Freedom: A History of US

Webisode 9. Segment 4
Rich As Rockerfeller

Where did the great tycoons of the Gilded Age get all their money? Carnegie's came from steel. For others, like the Vanderbilts, it was the railroads. For still others, it was oil. In 1858, a small-time prospector named Edwin Drake sank a hole into the ground near Titusville, Pennsylvania. Black slime—oil—soon filled the hole. When the news got out, people raced for the hills and gullies of western Pennsylvania. Before long that state was a wild place—a little like California in the gold rush a decade earlier. One day, a quiet young bookkeeper was sent to this disorganized area to see what was going on. "Is oil worth investing in?" His employers had sent him to find out. "No," he told them, and then went on to invest in it himself and to become one of the most successful businessmen the world has known. His name was John Davison Rockefeller. See It Now - John D. Rockefeller

Some say John D. Rockefeller was the greatest capitalist who ever lived. Others say he almost destroyed capitalism for everyone else. One thing is certain. He soon brought order to that disorderly oil business. In 1863—he was twenty-four—he and a partner bought a small refinery. With his efficient methods, it grew large. Rockefeller began buying competitors.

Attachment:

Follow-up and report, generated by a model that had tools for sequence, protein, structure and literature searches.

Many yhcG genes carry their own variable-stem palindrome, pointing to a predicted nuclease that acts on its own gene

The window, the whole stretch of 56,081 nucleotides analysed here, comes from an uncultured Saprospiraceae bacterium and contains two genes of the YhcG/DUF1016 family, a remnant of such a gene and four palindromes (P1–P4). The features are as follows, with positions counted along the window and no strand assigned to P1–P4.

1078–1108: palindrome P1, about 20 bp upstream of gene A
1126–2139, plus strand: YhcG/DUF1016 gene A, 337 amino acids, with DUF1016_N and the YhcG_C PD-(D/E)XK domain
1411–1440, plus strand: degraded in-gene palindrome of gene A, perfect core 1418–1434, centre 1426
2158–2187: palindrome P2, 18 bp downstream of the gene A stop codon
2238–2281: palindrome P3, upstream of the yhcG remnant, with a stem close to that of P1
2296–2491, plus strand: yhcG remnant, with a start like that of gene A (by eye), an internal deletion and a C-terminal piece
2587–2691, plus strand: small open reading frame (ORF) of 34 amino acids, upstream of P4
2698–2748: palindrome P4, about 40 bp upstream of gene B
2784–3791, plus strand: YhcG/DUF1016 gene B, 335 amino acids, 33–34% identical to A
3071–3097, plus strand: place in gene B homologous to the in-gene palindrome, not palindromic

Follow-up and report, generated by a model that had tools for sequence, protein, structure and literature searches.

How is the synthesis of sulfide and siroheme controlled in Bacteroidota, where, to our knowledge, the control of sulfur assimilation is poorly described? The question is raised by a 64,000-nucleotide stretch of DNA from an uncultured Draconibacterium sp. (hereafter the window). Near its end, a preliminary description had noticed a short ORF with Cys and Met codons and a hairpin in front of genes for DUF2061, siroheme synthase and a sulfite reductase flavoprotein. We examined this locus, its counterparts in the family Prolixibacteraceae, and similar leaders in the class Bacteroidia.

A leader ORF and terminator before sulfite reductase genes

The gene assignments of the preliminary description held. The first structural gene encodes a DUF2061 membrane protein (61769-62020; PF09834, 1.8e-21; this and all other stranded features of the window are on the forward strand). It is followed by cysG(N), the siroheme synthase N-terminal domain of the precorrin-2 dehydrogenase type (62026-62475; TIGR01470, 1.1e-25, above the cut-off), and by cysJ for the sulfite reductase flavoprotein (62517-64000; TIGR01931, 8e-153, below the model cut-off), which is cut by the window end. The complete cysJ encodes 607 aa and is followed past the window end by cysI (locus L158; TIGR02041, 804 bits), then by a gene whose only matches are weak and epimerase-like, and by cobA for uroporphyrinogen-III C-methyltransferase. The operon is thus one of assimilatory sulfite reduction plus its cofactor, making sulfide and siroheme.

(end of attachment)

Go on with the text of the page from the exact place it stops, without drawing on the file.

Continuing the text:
If you have raw material to sell, two costs are important: the cost of the oil and the cost of transporting it to buyers. Because he was such a powerful oilman, Rockefeller could get the railroads to give him special prices to ship his oil. Actually what they did was give him back half of what he paid for transportation. And part of what others paid as well. They were called kickbacks, and they weren't fair to his competitors. Soon he had put most of them out of business. His company, Standard Oil See It Now - Standard Oil Refinery, became spectacularly rich.

John D. saw his competitors as buds to be nipped. "The American Beauty Rose can be produced in all its splendor only by sacrificing the early buds that grow up around it," he said. Rockefeller wasn't very popular with most Americans. Often he behaved as if he were a king. Crusading journalists called him a "robber baron." Check The Source - "The Lords of Industry": A Critique by Henry Demarest Lloyd

But there were two sides to Rockefeller, and they were both exemplified right beside his bed. That was where he kept his safe, filled with money. But on top of that safe was his Bible. The Bible inspired him to be generous. He gave away vast sums. He once said, Hear It Now - John D. Rockefeller "I believe power to make money is a gift from God. I believe it is my duty to make money and still more money, and to use the money I make for the good of my fellow man according to the dictates of my conscience."

For the last forty years of his long life, Rockefeller spent much of his time giving away his money. Always orderly and precise, he gave away precisely half of his fortune—half a billion dollars—which went to create the University of Chicago See It Now - University of Chicago, the Rockefeller Institute for Medical Research, and a foundation that exists just to give money to worthwhile causes.

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